“I didn’t end up buying a jug. I hadn’t done enough research … I hadn’t been taking it seriously enough”.SO I thought I’d buy myself a new electric jug to put in the kitchen of the house I’ve just moved into.
A pretty straightforward exercise, you would have thought.
The old one met its maker when I sold my previous house and moved out in December, and spent the following two months at a friend’s house until I could move into my new one.
Lots of things did not make the cull that comes when you can’t move your belongings into the house you’ve bought, but have to distribute them to five different locations.
It’s amazing what you can dispense with when you’re relying on the kindness of friends and family, and the space in their spare bedrooms, to park your gear.
So the electric jug was punted, although my sons believed it should have gone about a year earlier. It hadn’t cost much in the first place. It was bought in a hurry when an earlier one died. I’d allotted 3.2 minutes of my time for the purchase, which meant price was the only relevant consideration. Plus I’d forgotten my glasses so there really was no point in even trying to compare kilowatts or capacity. The jug was cheap, cheerful and reliable enough, barring the occasional unreliable times when I pressed the start button and absolutely nothing happened.
I soon learnt that if I went about my business it would usually come to life, and it was actually amusing at times to see how long it would take for the thing to get going. Unless, of course, I just wanted a pot of tea without jug capriciousness, in which case it was annoying. I think I tolerated the situation much longer than most, so I tossed it into the bin without remorse.
I set no time limit the other day when I searched for its replacement. A lovely house that I plan to stay in for a long time deserved an elegant new jug, I decided. I pictured myself boiling the jug, filling the teapot – with tea leaves, never bags, of course – and placing it on a tray with a cup and saucer – never a mug – and a biscuit or two.
Then I pictured myself walking to the back deck where I would view the estate – fine, backyard – while reading a good book as birds twittered and soft garden fragrances wafted on the breeze. Lovely.
But I had to buy the jug first.
Now I’m a fan of capitalism. Competition in the market is a wonderful thing for consumers. It ensures – we hope – that we get the best price for goods because manufacturers compete for our business.
But sometimes it just does our heads in.
I compare trying to buy an electric jug the other day with the first time I really took the trouble to distinguish the kind of milk I wanted. Full cream, extra full cream, lo-fat, lite, slim, skim, soy, goat, rice milk, cashew milk, condensed, no-protein, super-vitamin, etc, etc, etc, and that was even before I reached the no-name milk section of supermarket specials.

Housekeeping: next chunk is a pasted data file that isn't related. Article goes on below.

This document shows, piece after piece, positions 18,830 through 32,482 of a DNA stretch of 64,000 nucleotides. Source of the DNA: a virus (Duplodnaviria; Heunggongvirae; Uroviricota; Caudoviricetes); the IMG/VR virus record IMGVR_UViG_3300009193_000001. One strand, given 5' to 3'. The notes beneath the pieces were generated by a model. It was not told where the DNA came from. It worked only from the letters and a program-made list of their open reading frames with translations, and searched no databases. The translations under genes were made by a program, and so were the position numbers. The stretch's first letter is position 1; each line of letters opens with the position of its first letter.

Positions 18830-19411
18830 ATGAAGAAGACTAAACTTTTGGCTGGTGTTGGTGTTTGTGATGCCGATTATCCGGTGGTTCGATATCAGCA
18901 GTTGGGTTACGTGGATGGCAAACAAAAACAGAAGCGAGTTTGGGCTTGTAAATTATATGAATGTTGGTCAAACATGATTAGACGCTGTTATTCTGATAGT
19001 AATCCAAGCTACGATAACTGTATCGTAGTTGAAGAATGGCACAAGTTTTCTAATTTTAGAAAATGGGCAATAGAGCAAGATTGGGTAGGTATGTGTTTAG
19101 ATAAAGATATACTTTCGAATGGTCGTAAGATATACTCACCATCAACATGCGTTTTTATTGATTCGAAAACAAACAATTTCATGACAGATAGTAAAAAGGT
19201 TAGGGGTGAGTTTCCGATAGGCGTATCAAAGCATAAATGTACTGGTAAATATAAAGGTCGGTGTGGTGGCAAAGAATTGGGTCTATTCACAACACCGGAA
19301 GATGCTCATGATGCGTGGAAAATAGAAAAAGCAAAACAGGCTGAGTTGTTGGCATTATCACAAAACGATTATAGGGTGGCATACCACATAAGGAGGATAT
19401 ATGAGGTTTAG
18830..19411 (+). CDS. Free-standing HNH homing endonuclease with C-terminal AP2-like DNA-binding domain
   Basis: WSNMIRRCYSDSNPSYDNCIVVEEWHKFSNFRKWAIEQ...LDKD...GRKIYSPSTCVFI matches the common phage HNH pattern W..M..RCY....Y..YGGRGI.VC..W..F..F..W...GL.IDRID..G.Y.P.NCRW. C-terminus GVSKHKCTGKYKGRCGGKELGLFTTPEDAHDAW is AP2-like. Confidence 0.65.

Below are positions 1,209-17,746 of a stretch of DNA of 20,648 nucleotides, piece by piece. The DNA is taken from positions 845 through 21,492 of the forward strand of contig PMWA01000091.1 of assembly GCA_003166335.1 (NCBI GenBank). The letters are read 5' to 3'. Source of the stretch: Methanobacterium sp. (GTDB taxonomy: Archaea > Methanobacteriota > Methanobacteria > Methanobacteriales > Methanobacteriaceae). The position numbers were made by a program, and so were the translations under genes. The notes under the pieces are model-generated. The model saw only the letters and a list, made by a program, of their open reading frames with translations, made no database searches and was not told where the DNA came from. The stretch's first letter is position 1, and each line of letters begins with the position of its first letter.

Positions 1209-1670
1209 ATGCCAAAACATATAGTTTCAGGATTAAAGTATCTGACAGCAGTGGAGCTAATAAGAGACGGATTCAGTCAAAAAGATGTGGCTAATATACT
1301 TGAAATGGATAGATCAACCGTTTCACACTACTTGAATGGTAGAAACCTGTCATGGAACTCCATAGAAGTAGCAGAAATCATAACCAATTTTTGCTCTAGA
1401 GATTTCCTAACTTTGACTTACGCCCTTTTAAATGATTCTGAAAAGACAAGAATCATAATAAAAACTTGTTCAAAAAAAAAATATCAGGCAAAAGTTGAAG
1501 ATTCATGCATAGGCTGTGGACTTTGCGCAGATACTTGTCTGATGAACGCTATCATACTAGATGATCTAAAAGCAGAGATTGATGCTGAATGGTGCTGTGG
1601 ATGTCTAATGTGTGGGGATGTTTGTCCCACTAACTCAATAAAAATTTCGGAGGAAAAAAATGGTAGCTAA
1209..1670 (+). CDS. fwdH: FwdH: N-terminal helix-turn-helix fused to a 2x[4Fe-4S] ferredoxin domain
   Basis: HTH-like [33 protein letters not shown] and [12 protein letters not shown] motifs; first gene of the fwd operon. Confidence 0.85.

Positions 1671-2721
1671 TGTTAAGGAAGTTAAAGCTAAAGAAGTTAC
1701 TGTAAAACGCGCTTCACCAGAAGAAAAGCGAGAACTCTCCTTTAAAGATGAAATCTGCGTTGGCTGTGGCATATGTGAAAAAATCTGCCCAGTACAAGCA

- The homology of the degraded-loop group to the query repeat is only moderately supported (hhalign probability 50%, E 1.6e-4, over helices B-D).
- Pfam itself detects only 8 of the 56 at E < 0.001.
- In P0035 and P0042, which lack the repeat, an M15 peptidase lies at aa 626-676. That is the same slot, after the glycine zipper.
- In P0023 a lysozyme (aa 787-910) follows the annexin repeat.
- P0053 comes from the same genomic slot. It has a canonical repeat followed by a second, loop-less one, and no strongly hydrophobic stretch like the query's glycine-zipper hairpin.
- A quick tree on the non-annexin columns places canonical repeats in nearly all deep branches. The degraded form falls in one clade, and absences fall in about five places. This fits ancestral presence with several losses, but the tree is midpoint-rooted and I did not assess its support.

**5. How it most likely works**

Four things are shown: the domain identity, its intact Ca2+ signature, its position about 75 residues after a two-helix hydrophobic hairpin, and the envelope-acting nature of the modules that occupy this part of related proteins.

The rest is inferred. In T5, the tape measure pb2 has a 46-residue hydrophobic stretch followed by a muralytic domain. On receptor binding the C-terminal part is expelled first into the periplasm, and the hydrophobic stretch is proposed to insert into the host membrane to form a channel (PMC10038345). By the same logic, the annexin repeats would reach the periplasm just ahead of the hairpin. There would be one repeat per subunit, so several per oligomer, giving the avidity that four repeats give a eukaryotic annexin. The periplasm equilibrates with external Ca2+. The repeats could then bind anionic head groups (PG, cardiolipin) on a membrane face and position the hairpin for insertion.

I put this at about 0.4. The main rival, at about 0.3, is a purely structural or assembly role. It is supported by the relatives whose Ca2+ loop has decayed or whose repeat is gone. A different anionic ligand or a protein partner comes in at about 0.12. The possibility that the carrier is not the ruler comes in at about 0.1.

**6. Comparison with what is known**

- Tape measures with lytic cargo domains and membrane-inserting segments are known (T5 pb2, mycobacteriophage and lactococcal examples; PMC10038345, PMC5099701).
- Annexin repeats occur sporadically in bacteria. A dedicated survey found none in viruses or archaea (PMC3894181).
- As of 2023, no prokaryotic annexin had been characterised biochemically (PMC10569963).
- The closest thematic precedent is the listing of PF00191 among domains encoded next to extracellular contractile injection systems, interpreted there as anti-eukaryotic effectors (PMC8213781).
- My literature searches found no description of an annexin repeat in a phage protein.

Jugs don’t just boil water any more.
They come with flashing lights and swirling bars. They’re see-through, turbo-charged or jet-fast. But most of all, they come with piles of buttons.
There’s the button you press if you want green tea. There’s other buttons for chai, oolong, coffee and white tea, and eventually I found a button to get water to boiling point. I think.
I didn’t end up buying a jug. Even though I hadn’t allotted time for the task, I also hadn’t done enough research to safely commit money to a purchase that, clearly, Ihadn’t been taking seriously enough.
That kind of thing has been happening to me recently. Given too many choices, I take fright and do nothing.
Take my experiences in my friend’s house. She kindly allowed me to stay in it while she was overseas, and I was between homes. It is a lovely house, which was great, but also a problem.
She showed me how to use its many features – too many of which came with their own remotes. I’m not good with remotes. All those buttons. And because it was my friend’s house and it was lovely and I didn’t want to break anything, I didn’t use the majority of its many features. The airconditioner looked daunting. The dishwasher flashed too many messages and intimidated the hell out of me. I forced myself to negotiate the command module of the washing machine because, frankly, six weeks of wearing unwashed clothes during a humid summer with no airconditioning did not bear thinking about.
I tried to work through the three remotes associated with the TV/DVD/CD/other- things-with-wires entertainment centre, but gave up and phoned my youngest son who sighed when I explained the situation, and drove round to help.
‘‘It’s very simple,’’ he said, in the patronising way that sons in their 20s adopt with their middle-aged mothers when their middle-aged mothers can’t work out how to get a DVD to appear on a screen.
‘‘You press this, and then this, and then that thing comes up, and then you simply take the other remote and press this, this and this, and then you do a pirouette and press that final red button – not the green one – and voila, the DVD appears, although why you would want to watch that, I do not know,’’ said my son, who was a dear little boy for years until he grew very tall and started patting me on the head.